I am going to try posting the lab as a blog post like this. If it doesn’t work, I will do something else.
Really, there are two objectives in this lab.
The first thing is to practice and become familiar with the tools you will use to collect data. We will use the Vernier motion detectors quite a bit. I will show you how to use these.
Things to do:
- Put a cart on a track and move it away from the detector. Which way is a positive x-velocity?
- Move the cart back and forth. Make a plot of position vs. time. See if you can predict what the velocity vs. time and the acceleration vs. time graph would look like. Use Logger Pro to check yourself.
- What would you have to do to the cart to make x vs. t graph a straight horizontal line?
- What would you have to do to make the v vs. t graph a straight horizontal line?
- Now give the cart a little push and let it roll on the track. Try to make the track level.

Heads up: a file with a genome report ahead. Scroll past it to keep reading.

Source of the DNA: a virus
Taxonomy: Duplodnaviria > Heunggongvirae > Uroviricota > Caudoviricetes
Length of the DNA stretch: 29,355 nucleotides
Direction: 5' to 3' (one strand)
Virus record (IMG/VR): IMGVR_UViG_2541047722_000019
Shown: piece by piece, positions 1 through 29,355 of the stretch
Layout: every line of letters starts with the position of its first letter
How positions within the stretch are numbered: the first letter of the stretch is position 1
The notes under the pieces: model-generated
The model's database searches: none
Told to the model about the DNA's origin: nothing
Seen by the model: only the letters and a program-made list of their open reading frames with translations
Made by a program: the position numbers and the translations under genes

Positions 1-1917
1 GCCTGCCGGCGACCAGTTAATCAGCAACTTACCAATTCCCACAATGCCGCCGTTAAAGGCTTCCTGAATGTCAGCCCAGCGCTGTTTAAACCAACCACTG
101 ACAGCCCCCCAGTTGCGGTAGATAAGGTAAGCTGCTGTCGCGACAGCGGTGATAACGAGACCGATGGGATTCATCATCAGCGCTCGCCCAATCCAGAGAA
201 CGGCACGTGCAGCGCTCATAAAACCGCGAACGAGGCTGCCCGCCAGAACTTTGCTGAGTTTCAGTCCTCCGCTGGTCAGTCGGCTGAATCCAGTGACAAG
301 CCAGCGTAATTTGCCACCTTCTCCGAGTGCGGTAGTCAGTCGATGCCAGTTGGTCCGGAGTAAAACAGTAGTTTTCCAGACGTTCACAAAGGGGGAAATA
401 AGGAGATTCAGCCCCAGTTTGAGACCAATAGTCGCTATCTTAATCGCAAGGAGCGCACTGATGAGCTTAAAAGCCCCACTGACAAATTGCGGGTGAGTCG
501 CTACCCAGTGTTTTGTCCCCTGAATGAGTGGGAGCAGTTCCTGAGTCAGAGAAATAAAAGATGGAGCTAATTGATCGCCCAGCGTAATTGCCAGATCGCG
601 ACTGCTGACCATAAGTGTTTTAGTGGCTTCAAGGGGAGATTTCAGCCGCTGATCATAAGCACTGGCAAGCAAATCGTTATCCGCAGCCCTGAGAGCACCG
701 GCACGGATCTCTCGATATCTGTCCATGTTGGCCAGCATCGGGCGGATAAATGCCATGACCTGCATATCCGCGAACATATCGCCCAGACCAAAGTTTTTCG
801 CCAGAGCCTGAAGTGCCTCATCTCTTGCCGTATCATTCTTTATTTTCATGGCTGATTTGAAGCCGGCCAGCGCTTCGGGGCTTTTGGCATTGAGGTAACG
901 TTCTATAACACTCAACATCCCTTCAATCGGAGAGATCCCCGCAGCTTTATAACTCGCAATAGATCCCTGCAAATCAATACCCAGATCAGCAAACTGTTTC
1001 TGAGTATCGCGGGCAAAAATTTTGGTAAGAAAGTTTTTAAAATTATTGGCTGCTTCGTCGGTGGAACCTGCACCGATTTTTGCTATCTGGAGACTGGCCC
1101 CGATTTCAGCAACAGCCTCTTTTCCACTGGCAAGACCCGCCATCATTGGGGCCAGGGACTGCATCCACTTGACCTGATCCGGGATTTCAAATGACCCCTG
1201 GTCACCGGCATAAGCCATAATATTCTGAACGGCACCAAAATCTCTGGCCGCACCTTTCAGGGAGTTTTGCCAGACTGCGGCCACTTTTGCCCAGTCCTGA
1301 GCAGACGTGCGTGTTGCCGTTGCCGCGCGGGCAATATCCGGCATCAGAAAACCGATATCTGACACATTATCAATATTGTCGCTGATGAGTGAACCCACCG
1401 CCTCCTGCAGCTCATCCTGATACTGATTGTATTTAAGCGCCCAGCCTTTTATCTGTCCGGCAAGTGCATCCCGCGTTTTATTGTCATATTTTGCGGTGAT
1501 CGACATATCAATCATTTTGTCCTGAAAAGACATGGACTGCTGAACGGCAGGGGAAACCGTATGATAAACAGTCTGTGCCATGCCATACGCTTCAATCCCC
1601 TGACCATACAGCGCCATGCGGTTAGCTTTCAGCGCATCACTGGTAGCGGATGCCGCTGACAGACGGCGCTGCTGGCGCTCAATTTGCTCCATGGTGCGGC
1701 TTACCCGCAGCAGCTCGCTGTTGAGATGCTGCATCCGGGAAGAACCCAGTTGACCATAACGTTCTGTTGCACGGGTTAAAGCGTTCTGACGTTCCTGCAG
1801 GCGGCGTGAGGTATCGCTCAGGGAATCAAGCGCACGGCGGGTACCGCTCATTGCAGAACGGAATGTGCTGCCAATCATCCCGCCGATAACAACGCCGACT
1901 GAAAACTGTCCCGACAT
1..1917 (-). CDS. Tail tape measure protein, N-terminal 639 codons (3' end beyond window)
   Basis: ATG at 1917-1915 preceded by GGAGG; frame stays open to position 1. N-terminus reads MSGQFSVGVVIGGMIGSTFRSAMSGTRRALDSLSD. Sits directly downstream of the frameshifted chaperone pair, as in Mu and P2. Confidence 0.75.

- Determine the x-velocity of the cart after you pushed it.
- Turn on the fan and release the cart from rest. Record a graph of x vs. t and v vs. t.
- In a one-second interval, what is the change in momentum? Could you write this as a vector?
- In a two second interval, what is the change in momentum? Does it matter which 2 second interval you choose?
- Can you find the net force during these intervals?
Turn the fan around.
- Now give the cart a push.
- Record x vs. t and v vs. t graphs.
- Compute Δp during several time intervals (including some while the cart comes back towards the detector.
- For all the Δp that you calculated, how does the net force compare?
Maybe you should start by watching this very excellent video.
And here is another post about numerical calculations: http://www.wired.com/wiredscience/2008/10/basics-numerical-calculations/
What to do next? I put a pdf file in blackboard with the rest of the instructions.